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Did you have a plan at all, Supreme Court asks govt about #demonetisation move

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HIGHLIGHTS

  • SC asked govt if it had a plan at all or took a decision “just like that” when it scrapped Rs 500 and Rs 1,000 notes on November 8
  • The court caustically asked, “Can you put what you had estimated when you took the decision to scrap Rs 500 and Rs 1,000 notes? Did you make any estimation at all? Was there a plan?

NEW DELHI: The Supreme Court on Friday fired a series of sharp and critical questions about demonetisation at the Centre, asking if it had a plan at all or took a decision “just like that” when it scrapped Rs 500 and Rs 1,000 notes on November 8.

Responding to attorney general Mukul Rohatgi’s submission that the Centre’s expectation that scrapped currency worth Rs 10-11 lakh crore would come back had been exceeded, the court caustically asked, “Can you put what you had estimated when you took the decision to scrap Rs 500 and Rs 1,000 notes? Did you make any estimation at all? Was there a plan? Or, did you take the decision just like that? If you had thought notes worth Rs 10 lakh crore would come back to the banks, did you take steps to urgently put in that much of new currency+ back in circulation? Can you produce the Cabinet note before the decision was taken?”

The court’s comments came as the Centre+ said deposits of old notes had touched Rs 12 lakh crore till date but resisted the SC’s attempts to tweak the withdrawal limit to provide relief for harassed citizens by asking, “Can you tinker with fiscal policy?”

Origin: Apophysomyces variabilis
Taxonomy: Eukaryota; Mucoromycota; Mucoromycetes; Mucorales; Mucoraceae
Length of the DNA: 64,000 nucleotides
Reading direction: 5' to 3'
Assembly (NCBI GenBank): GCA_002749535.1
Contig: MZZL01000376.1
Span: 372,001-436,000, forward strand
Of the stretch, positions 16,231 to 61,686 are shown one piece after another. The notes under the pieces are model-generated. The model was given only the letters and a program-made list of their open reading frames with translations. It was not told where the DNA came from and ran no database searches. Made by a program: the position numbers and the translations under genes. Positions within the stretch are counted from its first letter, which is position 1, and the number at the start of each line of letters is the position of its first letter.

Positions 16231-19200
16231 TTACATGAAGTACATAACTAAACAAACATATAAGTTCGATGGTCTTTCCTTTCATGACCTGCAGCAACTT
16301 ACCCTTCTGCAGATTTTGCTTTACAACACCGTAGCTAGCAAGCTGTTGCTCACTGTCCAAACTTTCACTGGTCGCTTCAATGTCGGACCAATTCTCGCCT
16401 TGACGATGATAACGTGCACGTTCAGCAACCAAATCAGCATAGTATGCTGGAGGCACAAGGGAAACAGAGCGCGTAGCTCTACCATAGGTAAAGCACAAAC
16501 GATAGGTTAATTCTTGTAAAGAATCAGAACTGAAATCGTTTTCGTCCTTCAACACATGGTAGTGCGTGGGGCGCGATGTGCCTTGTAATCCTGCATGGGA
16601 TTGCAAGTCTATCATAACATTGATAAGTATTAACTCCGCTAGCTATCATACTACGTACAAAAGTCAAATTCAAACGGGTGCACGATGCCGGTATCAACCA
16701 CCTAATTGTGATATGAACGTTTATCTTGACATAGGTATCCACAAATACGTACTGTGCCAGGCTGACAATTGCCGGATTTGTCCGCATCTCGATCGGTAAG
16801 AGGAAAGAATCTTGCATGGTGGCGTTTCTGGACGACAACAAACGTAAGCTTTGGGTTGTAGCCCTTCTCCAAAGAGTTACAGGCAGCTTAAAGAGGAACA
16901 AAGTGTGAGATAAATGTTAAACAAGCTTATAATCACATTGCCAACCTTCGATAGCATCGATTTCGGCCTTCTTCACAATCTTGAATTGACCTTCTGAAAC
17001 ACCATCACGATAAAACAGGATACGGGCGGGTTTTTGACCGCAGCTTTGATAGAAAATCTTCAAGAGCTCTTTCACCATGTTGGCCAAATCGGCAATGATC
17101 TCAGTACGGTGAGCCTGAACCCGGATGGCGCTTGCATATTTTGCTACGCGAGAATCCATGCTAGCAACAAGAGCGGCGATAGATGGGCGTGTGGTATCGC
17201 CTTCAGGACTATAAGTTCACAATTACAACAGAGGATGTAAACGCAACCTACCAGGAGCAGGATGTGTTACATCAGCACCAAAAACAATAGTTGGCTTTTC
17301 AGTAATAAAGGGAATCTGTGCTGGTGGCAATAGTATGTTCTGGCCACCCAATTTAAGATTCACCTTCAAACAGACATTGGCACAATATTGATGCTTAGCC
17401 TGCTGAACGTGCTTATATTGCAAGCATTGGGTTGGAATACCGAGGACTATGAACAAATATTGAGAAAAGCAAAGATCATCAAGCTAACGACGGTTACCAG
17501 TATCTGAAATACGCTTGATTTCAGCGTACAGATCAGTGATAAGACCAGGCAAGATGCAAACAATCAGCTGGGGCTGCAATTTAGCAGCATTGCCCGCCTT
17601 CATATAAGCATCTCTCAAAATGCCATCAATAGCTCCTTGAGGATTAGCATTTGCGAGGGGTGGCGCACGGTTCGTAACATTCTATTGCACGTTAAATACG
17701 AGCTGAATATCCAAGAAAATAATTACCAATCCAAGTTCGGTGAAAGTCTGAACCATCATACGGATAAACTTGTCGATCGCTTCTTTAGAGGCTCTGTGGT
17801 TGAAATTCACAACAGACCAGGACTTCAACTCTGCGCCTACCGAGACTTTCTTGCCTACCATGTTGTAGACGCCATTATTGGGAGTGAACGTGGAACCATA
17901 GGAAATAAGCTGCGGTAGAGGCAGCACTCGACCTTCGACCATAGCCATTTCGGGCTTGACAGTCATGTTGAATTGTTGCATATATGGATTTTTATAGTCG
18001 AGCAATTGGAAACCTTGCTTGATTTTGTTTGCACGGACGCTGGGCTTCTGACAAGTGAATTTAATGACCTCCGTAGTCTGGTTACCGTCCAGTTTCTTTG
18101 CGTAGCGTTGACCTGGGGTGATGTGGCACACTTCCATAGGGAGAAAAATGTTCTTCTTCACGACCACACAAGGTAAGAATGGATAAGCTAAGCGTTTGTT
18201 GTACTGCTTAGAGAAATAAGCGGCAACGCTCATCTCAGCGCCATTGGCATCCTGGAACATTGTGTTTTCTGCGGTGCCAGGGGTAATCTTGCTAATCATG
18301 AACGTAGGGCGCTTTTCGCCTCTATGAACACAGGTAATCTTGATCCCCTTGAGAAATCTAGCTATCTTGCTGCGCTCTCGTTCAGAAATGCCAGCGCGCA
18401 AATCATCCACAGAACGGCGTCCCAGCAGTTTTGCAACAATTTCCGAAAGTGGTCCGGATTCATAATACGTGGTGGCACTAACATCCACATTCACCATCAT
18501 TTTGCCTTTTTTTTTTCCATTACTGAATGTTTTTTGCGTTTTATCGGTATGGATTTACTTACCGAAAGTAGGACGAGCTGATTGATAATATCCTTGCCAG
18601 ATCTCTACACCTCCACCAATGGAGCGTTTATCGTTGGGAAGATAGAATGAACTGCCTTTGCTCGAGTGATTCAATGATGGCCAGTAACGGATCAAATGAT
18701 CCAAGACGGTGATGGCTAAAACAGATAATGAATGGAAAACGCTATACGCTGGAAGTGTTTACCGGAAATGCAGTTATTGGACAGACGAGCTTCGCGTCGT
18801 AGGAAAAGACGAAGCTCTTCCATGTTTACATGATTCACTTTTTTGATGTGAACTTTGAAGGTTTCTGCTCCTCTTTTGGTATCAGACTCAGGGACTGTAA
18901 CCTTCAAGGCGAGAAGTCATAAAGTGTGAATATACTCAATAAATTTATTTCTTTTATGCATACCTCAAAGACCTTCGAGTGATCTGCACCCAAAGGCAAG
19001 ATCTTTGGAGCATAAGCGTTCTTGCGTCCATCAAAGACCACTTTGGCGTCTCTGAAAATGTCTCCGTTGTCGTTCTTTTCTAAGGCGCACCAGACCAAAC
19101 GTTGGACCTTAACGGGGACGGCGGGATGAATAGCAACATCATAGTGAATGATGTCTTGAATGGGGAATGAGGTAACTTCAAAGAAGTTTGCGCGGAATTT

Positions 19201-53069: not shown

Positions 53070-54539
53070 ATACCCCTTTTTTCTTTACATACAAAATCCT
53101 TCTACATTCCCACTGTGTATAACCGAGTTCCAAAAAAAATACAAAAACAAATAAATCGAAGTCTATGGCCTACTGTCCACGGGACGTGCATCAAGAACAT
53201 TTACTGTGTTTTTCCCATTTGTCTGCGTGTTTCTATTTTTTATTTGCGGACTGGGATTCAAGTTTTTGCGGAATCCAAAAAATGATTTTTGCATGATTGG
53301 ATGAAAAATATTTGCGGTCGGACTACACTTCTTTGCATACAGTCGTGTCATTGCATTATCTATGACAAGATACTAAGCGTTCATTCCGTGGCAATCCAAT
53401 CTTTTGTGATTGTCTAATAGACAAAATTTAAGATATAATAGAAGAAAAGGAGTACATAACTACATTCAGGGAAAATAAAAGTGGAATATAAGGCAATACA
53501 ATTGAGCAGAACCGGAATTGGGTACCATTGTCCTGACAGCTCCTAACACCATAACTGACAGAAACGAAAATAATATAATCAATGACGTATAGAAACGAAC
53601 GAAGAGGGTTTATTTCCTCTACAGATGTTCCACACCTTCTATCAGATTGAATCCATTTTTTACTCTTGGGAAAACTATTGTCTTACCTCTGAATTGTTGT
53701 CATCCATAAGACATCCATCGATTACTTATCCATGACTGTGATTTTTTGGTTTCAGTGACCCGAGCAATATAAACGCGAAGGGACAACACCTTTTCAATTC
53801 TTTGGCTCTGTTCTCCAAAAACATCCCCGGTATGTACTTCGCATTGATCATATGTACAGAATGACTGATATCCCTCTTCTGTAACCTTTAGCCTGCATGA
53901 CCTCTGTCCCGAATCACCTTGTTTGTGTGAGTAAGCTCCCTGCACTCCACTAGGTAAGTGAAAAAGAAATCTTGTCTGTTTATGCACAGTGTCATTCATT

The bench persisted and asked the Centre to revert by Wednesday whether it intends to rework a cash withdrawal limit to make it possible for banks to honour it and not ask citizens to downsize their demand citing insufficient cash. The court’s remarks came in the context of submissions that banks were rationing cash and not honouring the Rs 24,000 withdrawal limit.

The court also asked if the government would permit cooperative banks to receive deposits under stringent guidelines in response to pleas that this was essential to meet the needs of the farm sector. The SC further sought the Centre’s response whether it supported sending the petitions challenging demonetisation to a five-judge bench as demanded by former minister and senior lawyer Kapil Sibal.

Rohatgi told a bench of Chief Justice T S Thakur and Justices A M Khanwilkar and D Y Chandrachud, “We had initially expected Rs 500 and Rs 1,000 notes worth Rs 10-11 lakh crore to be deposited back in banks. It has exceeded our expectation. 80% of the scrapped notes have come back. We expect one or two more crores to trickle in by December 31.”

Rohatgi pushed back and articulated the Centre’s apprehension over the judiciary scrutinising fiscal policy and attempting to tweak it. “There is serious reservation about maintainability of these PILs filed by advocates and cooperative banks against demonetisation. Can the SC decide fiscal policy of a government? Can it dictate what should be done and what should not be? “The judiciary has stepped into the realm of fiscal policy. Can the court decide what should be the government’s fiscal policy? It is not permissible. Please think about this. The situation is getting better and it will normalise after December 31.

Which farmer or poor person has come to the court asking for relief or complaining about non-availability of cash? Most of the PILs are filed by lawyers and cooperative banks. Do lawyers represent the people?” the AG asked.

Former finance minister and senior advocate P Chidambaram claimed the government did not have a correct estimate of what would return to the banks. He said that as of November 1, there were Rs 15.44 lakh crore worth of Rs 500 and Rs 1,000 notes. “The government had no proper estimate of what would come back to banks post-demonetisation. It has put new currency notes worth Rs 3 lakh crore into the system. As a result, there is a severe cash crunch and people still have to stand for hours before banks and ATMs. Yet, there is no guarantee that they will get money,” he said.

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Comment (1)

  1. K SHESHU BABU

    The SC has, at last, asked the right question for the government to respond. It should pursue the case urgently and see that the crisis of currency shortage is quickly resolved as the rural economy is being effected to a large extent.

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